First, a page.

I Want More Games Like Aluna: Sentinel of the Shards

I may or may not have stolen that title from our managing editor, the one and only Samuel Guglielmo. Perhaps you’ve read his recent article, titled I Want More Games Like Biomutant. In it, Sam talks about how excited he was for the game to come out, and how it didn’t quite live up to his expectations. However, the still found Biomutant to be an obvious labour of love. I’m in a similar boat today. I do not think Aluna: Sentinel of the Shards is a good game. But I know it’s a game created by people who loved the story and believe in its impact. And I want more of that, please!

Let’s Talk About Aluna

Aluna: Sentinel of the Shards features the title character as she tries to put back together the earthly remains of her godly mother, Pachamama. But her father isn’t a native hero. Rather, Pachamama, a goddess known for her kindness toward her indigenous people, decided to have a child with a conquistador. Straight away, I found this decision puzzling. Conquistadors were notoriously brutal in their conquest of these lands. I could not understand why Pachamama would choose to turn her back on her people and have a child with a conquistador instead.

The very beginning of the game features an animated cutscene in which Pachamama saves the conquistadors and Aluna from the “evil” natives. Aluna is a character co-created by Paula Garces, an amazing Colombian-American actress. I hoped that having Paula’s perspective would prevent ensure the indigenous population got a fair shake in the story for once. But all such illusions were shattered before I’d even begun playing the game.

Presentation Could Have Been Better

It’s very difficult to explain what makes Aluna: Sentinel of the Shards visual presentation not quite hit the mark. On paper, it should work. But everything looks the same: barely-different shades of green and brown. I understand that the jungle setting makes it difficult to create environments that stand out. It’s particularly hard on a system that can be both a home console and a handheld. Even huge studios face this problem. Remember from Medal of Honor: Pacific Assault? Jungles are just difficult to get right.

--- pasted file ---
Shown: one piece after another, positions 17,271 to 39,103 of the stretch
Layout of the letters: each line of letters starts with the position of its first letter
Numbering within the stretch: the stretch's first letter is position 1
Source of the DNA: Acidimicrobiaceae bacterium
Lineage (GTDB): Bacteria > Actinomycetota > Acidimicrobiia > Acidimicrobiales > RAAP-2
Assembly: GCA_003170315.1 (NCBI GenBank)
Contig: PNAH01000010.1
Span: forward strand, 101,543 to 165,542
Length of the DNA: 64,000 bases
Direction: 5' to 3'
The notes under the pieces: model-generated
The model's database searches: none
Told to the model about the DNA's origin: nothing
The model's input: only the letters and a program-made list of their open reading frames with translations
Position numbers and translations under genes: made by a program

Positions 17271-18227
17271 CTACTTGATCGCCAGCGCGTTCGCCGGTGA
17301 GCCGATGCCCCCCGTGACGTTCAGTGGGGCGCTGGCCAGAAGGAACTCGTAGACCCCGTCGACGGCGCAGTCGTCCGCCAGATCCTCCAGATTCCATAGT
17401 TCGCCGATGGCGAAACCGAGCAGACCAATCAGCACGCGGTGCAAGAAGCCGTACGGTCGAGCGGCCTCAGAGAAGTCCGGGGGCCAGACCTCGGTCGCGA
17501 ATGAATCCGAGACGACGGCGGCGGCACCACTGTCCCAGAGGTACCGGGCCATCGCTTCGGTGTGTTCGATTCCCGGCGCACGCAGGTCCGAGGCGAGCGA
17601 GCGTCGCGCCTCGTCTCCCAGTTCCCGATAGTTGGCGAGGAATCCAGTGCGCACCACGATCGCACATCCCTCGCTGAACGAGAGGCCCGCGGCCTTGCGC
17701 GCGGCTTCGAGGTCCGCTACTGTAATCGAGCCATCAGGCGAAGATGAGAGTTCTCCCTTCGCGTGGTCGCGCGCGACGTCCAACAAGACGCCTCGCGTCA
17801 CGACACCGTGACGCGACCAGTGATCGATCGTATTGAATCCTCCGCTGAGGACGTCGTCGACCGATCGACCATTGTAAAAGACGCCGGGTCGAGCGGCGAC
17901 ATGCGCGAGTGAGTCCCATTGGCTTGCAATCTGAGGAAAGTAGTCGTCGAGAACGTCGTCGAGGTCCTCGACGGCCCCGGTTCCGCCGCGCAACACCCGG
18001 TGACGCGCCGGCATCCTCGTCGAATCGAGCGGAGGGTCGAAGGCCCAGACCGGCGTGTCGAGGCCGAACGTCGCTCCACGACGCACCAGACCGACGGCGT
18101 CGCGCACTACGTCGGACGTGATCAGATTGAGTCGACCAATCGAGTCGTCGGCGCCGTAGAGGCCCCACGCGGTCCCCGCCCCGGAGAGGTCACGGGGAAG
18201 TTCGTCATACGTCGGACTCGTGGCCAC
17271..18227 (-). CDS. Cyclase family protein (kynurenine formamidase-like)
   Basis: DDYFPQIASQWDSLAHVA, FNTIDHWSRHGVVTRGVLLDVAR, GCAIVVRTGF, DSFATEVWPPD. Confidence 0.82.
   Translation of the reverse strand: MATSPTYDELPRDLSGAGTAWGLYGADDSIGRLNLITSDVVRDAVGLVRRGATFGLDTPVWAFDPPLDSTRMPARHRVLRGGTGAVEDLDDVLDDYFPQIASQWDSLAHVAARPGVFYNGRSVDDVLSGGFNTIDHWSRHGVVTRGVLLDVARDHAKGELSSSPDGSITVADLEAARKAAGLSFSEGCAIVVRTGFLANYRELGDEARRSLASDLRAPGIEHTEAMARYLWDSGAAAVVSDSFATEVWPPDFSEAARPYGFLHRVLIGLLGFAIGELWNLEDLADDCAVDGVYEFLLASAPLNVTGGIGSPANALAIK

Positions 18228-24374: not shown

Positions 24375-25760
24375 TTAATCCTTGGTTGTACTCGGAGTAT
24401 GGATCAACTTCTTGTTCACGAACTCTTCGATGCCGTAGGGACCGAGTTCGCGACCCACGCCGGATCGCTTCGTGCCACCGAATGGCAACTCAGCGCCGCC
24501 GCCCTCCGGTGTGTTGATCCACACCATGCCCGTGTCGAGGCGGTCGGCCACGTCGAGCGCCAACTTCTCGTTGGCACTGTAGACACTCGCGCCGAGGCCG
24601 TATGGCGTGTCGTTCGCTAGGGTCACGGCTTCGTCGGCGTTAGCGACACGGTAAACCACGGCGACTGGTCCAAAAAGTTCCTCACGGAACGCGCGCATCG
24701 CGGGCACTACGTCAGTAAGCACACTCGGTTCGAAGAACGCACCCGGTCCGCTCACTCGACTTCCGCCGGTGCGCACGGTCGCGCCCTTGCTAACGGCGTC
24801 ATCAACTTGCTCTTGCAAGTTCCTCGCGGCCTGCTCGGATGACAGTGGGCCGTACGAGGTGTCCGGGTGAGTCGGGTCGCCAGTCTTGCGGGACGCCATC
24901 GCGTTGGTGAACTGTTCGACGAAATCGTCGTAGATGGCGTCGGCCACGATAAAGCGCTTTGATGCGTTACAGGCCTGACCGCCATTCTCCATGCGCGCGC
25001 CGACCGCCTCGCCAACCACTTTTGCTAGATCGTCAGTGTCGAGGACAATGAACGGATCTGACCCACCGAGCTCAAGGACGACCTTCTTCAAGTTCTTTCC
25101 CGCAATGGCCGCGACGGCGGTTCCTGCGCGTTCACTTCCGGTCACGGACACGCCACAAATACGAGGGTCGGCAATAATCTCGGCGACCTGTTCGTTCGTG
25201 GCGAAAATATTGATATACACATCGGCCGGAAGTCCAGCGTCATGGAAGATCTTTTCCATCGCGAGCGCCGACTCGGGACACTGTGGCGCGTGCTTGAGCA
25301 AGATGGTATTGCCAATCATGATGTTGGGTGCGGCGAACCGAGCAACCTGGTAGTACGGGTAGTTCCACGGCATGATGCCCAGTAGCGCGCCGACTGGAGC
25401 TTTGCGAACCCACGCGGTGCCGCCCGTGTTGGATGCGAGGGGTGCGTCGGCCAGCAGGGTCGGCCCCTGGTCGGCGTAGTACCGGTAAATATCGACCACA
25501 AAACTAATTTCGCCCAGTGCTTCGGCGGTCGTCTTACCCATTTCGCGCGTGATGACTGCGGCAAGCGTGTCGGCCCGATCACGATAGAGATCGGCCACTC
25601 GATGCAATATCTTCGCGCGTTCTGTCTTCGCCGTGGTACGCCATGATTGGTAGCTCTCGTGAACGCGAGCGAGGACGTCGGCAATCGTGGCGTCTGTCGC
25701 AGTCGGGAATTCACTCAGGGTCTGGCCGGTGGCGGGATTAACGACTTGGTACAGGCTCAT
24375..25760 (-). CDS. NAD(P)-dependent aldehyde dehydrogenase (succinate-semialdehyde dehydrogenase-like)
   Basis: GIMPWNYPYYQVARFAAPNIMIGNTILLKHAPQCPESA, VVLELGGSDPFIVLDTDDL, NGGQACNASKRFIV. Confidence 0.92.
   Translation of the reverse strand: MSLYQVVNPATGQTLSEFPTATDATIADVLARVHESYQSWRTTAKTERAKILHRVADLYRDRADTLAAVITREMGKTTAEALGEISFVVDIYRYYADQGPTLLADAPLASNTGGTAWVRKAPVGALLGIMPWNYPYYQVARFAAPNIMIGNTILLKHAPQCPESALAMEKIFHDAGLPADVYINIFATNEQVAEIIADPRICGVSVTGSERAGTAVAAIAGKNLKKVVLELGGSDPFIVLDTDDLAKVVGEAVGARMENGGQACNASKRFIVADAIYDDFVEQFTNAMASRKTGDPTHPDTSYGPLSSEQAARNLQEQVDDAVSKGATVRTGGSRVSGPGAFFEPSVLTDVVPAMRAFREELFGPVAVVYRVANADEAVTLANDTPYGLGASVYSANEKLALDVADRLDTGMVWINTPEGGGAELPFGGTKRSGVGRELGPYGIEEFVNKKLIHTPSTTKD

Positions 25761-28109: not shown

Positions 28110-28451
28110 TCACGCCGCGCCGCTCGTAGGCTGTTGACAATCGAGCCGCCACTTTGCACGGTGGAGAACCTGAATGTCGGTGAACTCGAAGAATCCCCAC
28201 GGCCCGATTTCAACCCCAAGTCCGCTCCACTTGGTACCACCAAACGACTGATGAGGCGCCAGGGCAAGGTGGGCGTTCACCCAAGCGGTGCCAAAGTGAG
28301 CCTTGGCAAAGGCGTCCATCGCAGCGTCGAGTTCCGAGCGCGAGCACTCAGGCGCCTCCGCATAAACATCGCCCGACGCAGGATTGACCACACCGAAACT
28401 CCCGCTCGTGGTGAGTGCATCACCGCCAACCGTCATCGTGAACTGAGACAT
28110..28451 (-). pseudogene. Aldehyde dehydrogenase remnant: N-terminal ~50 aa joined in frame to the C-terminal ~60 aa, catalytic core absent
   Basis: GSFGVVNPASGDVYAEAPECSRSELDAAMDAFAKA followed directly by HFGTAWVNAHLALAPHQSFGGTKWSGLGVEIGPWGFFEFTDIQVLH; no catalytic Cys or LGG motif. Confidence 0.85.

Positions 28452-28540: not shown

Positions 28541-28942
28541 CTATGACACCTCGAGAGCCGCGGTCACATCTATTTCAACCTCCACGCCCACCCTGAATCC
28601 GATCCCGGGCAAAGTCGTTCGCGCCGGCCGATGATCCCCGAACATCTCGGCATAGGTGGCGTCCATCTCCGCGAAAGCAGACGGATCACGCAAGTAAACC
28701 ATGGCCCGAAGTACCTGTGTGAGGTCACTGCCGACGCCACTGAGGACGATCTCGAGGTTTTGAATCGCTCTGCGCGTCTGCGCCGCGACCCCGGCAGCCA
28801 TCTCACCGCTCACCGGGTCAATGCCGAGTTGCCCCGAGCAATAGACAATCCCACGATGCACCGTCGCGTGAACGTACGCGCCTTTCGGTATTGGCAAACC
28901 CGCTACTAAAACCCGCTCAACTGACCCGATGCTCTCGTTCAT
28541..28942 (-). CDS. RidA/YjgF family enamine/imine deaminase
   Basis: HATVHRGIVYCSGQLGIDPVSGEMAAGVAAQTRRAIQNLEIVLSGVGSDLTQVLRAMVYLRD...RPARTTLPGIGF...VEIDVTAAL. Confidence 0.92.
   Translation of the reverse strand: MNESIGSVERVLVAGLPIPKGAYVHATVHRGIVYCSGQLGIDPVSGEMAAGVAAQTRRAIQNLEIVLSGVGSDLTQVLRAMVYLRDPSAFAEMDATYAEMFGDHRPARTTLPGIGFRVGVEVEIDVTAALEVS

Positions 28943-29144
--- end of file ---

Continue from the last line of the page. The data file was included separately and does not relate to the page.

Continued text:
Performance is sadly an issue as well. Aluna’s combat, one of the best thing about the game, is tarnished by subpar performance. This increases the difficulty of an already challenging game. The game stutters a lot when Aluna begins regaining her powers and visual effects are a bigger part of combat encounters. It makes me sad. But even this cannot stop the actual gameplay from being fun.

The Combat & Lore Are Salvation

The core combat in Aluna: Sentinel of the Shards is really solid. There’s no deep loot loop such as you’d find in a Diablo, or even Torchlight. But enemy encounters see you battling against combination of range and melee weapons, requiring you to strategize to ensure the best possible outcome. You need also balance your use of regular attacks, which are less powerful but consume no magic points, and magic attacks, which are much more effective but which can drain your meter to zero. It’s really well executed, and the game can be genuinely tough if you go for the higher difficulty options, while never feeling unfair. Add to this that you can actually forge paths in different “schools” of magic to suit your style, and there’s definitely a robust combat and crafting system to be found here.

Another huge highlight for me is the lore. Main character conundrum aside, the bestiary features a plethora of cool beasts from South American mythology. It’s pretty cool to see and hear the monsters from my childhood come to life, let alone be able to battle them. Really solid stuff.

Where Do We Grow from Here?

There are many things about it which I found both enjoyable and important in Aluna: Sentinel of the Shards. The combat itself was surprisingly solid, with a well-executed strategic component which was genuinely fun. The story still teaches a lot about the indigenous peoples of Latin America, and the struggles they faced, as well as their mythology and lore. It’s not very often that we get to experience these stories.

Should you play Aluna: Sentinel of the Shards? If you can find a way of getting past the technical shortcomings and some of the regrettable origins storyline, Aluna remains a solid first step into wider representation in gaming. No first step was ever made with the same accuracy, effectiveness and confidence than the thousandth step, or the millionth step. Onward and upward, Aluna. You can still shine as a beacon for diversity and representation. Just not this time.

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